Organims

Botrylloides leachi (Colonial sea squirt)

Chordata

Type of fouling organism: Sea Squirt

Ascidians or sea squirts are sessile filter feeding animals commonly found in the subtidal. This group of fouling organisms can be colonial or unitary and are often of indefinite shape and the surrounding tunic can give an appearance that resembles sponges, bryozoans or cnidarians. All are hermaphroditic but usually unitary species release eggs into the sea and colonial species incubate embryos internally. The larval duration can vary greatly affecting dispersal potential.

Botrylloides leachi is a colonial ascidian, which forms flat, gelatinous sheets. The zooids are arranged in two compact meandering lines or parallel chains. This feature as well as less exhalent openings is what sets them apart from other Botrylloides species. Each individual zooid is twice as long as is wide and average length is 1.5 - 3 mm long. Their colour varies but is usually plain orange, pink or bright yellow.

Environment and Habitat

- Found from the lower shore down to the sublittoral.
- Common on brown algae in the lower shore and in shallow water on rock substratum and wave exposed areas.

Reproduction

- Reproductive type: Hermaphroditic.
- Reproductive frequency: Unknown.
- Development: Lecithotrophic.
- Larval duration: minutes - < day.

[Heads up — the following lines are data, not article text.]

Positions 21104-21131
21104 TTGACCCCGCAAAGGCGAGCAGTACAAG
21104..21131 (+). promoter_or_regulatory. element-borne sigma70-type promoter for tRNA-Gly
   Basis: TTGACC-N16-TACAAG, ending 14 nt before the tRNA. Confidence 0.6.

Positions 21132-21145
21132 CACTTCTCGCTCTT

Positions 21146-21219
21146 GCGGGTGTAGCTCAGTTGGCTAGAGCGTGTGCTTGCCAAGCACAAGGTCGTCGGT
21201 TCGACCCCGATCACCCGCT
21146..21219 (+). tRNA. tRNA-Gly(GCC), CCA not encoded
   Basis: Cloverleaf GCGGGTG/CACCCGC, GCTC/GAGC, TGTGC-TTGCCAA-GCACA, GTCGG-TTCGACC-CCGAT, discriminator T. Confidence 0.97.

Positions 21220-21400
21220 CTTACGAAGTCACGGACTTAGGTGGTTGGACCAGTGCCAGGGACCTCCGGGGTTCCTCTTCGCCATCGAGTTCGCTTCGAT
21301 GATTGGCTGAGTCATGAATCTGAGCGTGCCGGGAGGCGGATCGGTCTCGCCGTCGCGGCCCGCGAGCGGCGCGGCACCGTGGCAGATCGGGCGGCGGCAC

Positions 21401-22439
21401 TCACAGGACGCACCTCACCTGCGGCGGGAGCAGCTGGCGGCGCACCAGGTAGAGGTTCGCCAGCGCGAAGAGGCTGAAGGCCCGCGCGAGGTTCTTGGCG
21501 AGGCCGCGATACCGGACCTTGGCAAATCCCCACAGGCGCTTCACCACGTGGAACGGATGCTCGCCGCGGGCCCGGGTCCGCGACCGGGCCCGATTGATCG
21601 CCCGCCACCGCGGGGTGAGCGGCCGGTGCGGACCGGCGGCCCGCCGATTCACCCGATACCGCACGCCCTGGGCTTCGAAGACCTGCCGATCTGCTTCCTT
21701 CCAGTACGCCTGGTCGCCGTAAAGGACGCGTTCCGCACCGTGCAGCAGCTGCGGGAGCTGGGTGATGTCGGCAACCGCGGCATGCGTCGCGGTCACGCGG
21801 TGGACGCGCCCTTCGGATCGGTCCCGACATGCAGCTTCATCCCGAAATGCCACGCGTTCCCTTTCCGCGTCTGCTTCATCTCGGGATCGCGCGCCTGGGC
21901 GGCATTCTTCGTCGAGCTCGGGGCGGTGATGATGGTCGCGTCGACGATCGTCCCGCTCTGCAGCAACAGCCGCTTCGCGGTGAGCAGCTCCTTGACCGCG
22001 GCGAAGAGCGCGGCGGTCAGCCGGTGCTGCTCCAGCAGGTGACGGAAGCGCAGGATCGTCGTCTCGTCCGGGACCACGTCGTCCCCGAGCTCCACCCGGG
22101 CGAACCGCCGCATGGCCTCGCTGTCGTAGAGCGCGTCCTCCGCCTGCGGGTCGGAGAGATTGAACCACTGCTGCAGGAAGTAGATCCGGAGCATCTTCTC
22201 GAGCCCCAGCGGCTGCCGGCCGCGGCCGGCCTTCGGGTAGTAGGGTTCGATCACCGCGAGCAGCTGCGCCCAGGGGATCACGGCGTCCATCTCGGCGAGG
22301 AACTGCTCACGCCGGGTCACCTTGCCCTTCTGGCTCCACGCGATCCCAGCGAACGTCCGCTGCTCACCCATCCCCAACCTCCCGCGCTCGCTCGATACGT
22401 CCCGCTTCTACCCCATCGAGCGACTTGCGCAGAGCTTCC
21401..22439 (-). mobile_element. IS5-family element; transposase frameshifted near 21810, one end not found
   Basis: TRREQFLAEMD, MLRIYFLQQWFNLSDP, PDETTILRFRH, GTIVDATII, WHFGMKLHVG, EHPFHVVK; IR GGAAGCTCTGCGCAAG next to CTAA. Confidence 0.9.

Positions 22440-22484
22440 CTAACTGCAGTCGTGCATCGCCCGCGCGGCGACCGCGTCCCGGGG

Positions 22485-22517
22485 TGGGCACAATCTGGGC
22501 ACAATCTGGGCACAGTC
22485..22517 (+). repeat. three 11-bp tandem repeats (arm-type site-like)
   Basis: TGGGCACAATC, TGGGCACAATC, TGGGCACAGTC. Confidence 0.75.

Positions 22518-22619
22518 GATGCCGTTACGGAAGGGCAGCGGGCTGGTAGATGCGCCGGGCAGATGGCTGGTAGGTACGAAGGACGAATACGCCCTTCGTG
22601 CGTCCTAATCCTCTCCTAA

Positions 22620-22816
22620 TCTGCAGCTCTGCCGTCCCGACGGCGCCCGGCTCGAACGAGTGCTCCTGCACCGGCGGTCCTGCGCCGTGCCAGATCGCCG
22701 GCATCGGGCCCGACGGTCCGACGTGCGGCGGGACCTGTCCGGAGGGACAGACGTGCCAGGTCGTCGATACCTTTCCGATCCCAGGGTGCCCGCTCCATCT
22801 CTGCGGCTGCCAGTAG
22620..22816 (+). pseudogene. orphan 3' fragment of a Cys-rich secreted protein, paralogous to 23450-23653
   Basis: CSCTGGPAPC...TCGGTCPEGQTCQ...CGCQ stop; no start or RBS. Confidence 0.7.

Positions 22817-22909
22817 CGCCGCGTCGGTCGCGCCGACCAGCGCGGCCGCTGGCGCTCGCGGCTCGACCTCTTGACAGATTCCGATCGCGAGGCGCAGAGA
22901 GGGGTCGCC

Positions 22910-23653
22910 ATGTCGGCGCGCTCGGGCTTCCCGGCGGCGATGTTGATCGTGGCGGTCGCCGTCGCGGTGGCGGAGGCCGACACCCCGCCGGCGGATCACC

- Dispersal potential: 1 - 10 km.
- Life span: < 1 year.

Communities

- Colonial, gregarious.
- Non-migratory.
- Found in dense aggregations.

Equipment

- Mussel rope culture, oyster and suspended pectinid culture.
- Fishnets, cages, pontoons, shellfish trays, tanks, and pipes.

Effects and Impacts

- Problematic for stock species as can compete for space and resources.
- Can obstruct the opening of bivalve shells.
- Can reduce the value of shellfish.
- Increases the weight of equipment.
- Increases labour and production costs as a result of cleaning and removal of biofouling.

Control/ Strategies and Management

Nets
- Onshore Net washing
- Coatings (Copper sulphate, fouling release coatings e.g. silicon)
- Mechanical cleaning of infrastructure (Disk cleaners)
- Air drying nets
Trays
- Manual cleaning (scrubbing and/or brushing)
- Low power washing
- High power washing
- Jet washing
- Air drying
- Lowering trays below photic zone during major spatfalls
- Biological Control (Sea urchins and periwinkles)
- Coatings (Copper sulphate, fouling release coatings e.g. silicon)
Shellfish
- Manual Cleaning
- Mechanical Cleaning
- Hot water 55oC for 5 seconds (Stock mortalities of ca 5% with this method)
- Dipping (Freshwater or chemical solution)
- Lowering lines below photic zone during major spatfalls
- Biological control (Sea urchins and periwinkles)
- Coatings (Copper sulphate, spiky coatings, fouling release coatings e.g. silicon)

Principles of Management

C Combat Settlement
P Protect Equipment and Stock
R Remove Biofouling

Distribution

- Found on north east Atlantic shores from northern Norway down into the Mediterranean.


References


Ager, O.E.D., 2002. Botrylloides leachi. A colonial sea squirt. Marine Life Information Network: Biology and Sensitivity Key Information Sub-programme [on-line]. Plymouth: Marine Biological Association of the United Kingdom. [cited 25/05/2007]. Available from:

Picton, B.E. & Morrow, C.C., 2005. [In] Encyclopedia of Marine Life of Britain and Ireland
marinelife/species.asp?item=ZD2140

Janet Moore (2001) An Introduction to the Invertebrates. Cambridge University Press

Hayward P, Nelson-Smith T & Shields C (1996) Seashore of Britain and Northern Europe. HarperCollins Pubs.

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